NetWellness is a global, community service providing quality, unbiased health information from our partner university faculty. NetWellness is commercial-free and does not accept advertising.
Tuesday, May 31, 2016
Right temple numbness
For several years, I have experienced a short-lived numbness in my right temple/ear area. It usually lasts anywhere from a few seconds to a few (5) minutes. It will occur maybe once or up to 3 or 4 times on a single day, a few minutes apart. Usually, I have experienced this 2 or 3 times a year. It has never presented any other problems so I have never had it checked. I mentioned it once to my doctor and he didn`t seem concerned, so I wasn`t either.
Recently, though, like the last 3 days, I have had the same quick, numbness a couple of times a day. Normally, I have noticed it only for a day and then not again for several months or longer. But now for 3 days in a row, it just concerns me a little more, but it never happens when I am at a Dr. appt. I guess my question is: can they check for anything when the numbness is not present, because it does not last long at all. Or is it anything that I even need to have checked? And what sorts of tests would they run? I have never had pain or numbness in any other part of my body.
There is a painful condition that comes intermittently and is short-lived involving one side of the head. Do your symptoms include pain? The condition is called trigeminal neuralgia.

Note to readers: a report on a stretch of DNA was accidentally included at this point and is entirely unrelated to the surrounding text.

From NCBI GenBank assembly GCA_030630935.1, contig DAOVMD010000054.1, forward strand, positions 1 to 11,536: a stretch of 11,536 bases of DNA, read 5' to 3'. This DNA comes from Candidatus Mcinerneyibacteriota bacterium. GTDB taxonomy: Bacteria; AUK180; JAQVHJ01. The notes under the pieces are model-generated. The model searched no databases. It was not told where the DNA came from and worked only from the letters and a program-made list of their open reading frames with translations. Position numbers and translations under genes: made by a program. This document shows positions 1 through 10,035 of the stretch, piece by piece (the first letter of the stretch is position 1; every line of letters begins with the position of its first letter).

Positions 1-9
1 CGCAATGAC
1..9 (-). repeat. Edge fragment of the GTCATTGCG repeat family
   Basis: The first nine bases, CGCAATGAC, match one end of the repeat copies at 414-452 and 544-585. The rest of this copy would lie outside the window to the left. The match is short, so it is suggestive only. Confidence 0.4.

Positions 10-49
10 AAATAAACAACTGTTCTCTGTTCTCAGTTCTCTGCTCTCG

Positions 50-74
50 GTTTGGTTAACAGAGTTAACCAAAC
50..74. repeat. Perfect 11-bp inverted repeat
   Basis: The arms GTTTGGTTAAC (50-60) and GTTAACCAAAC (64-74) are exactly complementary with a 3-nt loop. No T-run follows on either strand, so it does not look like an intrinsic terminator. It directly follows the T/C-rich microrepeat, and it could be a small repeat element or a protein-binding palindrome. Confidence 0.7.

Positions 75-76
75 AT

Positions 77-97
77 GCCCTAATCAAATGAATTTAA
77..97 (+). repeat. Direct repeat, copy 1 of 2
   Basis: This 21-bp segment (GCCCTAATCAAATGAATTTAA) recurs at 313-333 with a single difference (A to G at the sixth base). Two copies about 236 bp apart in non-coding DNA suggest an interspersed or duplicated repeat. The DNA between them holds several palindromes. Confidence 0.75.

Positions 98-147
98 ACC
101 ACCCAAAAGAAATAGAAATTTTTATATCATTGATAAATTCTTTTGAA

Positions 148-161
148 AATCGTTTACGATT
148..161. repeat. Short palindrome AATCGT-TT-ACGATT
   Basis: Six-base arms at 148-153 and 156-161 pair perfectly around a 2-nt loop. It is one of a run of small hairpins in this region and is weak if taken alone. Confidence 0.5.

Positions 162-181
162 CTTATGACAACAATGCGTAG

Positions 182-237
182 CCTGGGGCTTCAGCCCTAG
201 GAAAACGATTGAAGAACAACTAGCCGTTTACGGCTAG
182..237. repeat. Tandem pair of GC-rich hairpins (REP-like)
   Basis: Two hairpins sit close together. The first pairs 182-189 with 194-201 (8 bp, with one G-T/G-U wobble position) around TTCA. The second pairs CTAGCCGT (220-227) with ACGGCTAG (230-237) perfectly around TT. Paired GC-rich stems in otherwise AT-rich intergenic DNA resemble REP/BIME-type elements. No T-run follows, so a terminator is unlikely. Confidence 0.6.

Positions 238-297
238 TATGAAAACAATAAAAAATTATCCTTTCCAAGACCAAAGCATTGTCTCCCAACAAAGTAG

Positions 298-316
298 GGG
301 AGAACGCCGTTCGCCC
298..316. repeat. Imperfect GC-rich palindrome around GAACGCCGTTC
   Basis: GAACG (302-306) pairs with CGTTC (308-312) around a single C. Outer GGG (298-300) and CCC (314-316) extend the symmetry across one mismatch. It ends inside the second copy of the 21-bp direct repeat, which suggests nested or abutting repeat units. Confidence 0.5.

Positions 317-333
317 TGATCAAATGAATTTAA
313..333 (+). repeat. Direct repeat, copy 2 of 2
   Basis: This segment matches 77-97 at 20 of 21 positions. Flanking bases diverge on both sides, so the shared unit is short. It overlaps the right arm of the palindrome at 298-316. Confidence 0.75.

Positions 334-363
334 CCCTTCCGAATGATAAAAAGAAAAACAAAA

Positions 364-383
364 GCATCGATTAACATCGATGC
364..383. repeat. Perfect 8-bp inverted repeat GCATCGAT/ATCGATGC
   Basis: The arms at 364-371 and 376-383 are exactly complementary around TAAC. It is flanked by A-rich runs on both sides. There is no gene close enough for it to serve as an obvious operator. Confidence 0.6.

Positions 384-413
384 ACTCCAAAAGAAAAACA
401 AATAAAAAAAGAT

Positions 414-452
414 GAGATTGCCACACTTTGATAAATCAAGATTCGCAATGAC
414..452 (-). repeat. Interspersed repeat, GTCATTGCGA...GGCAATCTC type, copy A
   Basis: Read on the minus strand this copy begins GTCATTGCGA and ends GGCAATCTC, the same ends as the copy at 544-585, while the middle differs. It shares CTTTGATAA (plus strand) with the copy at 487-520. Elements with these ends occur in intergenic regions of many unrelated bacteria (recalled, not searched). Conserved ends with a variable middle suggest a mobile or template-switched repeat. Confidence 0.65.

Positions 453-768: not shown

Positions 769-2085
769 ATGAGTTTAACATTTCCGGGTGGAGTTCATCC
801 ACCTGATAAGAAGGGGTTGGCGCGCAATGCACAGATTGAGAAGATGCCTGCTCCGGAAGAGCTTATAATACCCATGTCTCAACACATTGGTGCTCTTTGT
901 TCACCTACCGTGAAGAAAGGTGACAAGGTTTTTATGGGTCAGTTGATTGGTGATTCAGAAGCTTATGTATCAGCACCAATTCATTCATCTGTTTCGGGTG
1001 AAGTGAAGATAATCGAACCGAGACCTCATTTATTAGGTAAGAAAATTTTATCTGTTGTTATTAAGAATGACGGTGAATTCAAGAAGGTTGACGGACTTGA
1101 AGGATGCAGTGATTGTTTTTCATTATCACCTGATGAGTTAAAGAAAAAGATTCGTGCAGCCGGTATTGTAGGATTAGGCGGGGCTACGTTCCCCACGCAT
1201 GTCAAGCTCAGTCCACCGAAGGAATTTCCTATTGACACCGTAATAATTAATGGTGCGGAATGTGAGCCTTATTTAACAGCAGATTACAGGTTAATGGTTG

You can read about it at the following link (below), and then decide if you have it. If yes, there are treatments. If you don't fit perfectly, you still might consider mentioning this to your physician, as you might have an atypical case. If not trigeminal neuralgia, then I am not sure what it is.
On the other hand, if it is not painful, not permanent, and thus not bothering you (with no other symptoms), then it is probably okay not to worry about it. Certainly if something changes, or if you develop new associated symptoms, then this should be evaluated carefully by your physician.
I hope this helps. Good luck.
Brett Kissela, MD
Assistant Professor of Neurology
Director, Neurology Residency Program
College of Medicine
University of Cincinnati